The Great Escape

I have a confession to make. I am bypassing Christmas this year. I just haven’t got the time and in our house, if I don’t do it, it doesn’t happen. That’s not to say that it couldn’t happen. The men are more than capable of making a Christmas dinner (but not as we know it: it would be a one pot meal which would strangely involve every utensil and container in the house). They could brave our sleeping swarm of cluster flies in the attic, find the decorations and even put them up. Wrap presents, listen to carols, panic buy cranberries. However, they won’t and that’s fine: I have spent the last thirty odd years conditioning them into believing that I’m the only one capable of the mystery of Christmas. I am at heart the suffering woman from the ads on telly…

Back in the day I’ve boned out and stuffed geese with freshly chopped fruit stuffing, given thoughtfully hand tailored gifts in home printed wrapping paper, arranged bespoke table decorations and generally done everything that Kirstie Allsopp claims she does, but I suspect is actually done by a crack team of craftspeople. Enough, been there, done that: this year I’ll be in the studio working on my prints.

I have discussed this with the family who tell me that a) they love all that Christmas stuff but b) only when I do it and c) not to worry because my mother-in-law is saving the day and is feeding us all in spite of already having visitors from America. She’s ace in a crisis, even if it is one generated by her daughter-in-law’s need to focus entirely on cutting woodblocks for the next month.

It’s all actually been very liberating even if it’s only me that I have liberated myself from in reality. That’s not to say that next Christmas I won’t be back to gilding fondant stuffed sprouts with edible nativity scenes. Depends on the work load…

7 thoughts on “The Great Escape”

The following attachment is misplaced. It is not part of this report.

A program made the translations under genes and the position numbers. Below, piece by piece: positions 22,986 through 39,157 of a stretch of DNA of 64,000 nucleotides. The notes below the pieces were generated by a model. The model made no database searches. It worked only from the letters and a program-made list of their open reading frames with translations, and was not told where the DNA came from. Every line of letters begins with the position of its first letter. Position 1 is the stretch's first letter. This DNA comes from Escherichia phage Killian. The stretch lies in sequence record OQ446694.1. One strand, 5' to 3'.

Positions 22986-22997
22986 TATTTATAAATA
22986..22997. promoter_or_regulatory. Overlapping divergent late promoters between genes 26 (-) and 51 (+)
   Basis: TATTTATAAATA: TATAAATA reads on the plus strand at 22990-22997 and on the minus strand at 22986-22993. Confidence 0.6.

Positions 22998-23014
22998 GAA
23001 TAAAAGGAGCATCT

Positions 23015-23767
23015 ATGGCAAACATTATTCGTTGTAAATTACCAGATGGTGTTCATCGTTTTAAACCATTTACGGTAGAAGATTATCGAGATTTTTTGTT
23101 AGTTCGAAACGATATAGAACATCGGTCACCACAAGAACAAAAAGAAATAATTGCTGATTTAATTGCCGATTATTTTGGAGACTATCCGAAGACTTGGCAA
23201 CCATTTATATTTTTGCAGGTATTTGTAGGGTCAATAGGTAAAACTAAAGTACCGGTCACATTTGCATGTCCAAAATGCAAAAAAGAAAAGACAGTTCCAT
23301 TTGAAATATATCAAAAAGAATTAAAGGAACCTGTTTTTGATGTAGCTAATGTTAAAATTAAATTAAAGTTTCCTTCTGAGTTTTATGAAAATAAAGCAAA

1. …we do make it hard for ourselves don’t we, us girls – interesting experiment made somewhat easier by your great MIL – just focus and let us see the great work in 2013 – x

  2. Christmas can be a hell on earth or it can be a friendly and happy occasion. I’m glad you think I can cope in a crisis but I will be honest with you. I ALWAYS panic when it comes to Yorkshire Pudding. I don’t enjoy the weeks before Christmas when everything is a frenzy of buying but I do enjoy the day itself whether I have family around or not.

    I admire you for realising that cutting wood is paramount but please don’t forget the pudding!

  3. I also salute you Laura. I think it is liberating to say you have other priorities, especially creative ones. Enjoy the buzz of doing your own thing. Looking forward to seeing those prints in 2013.

  4. I so wish I could defend myself, but it’s all true. However I will be up in the attic gathering a few choice decorations at some point before Christmas and I will be cooking whenever necessary so that Laura can carry on working for a bit longer. What’s more, when I make a one pot meal and have used every pot and utensil in the kitchen I will also, probably clear up after myself because Laura will be shattered.
    Christmas won’t be the same this year, but the excitements won’t be over whether the dinner will be cooked* they’ll be over the fantastic work that Laura is producing at the moment.
    (*except maybe from my mum who, as Laura has said, has restored Christmas dinner to our calendar!)

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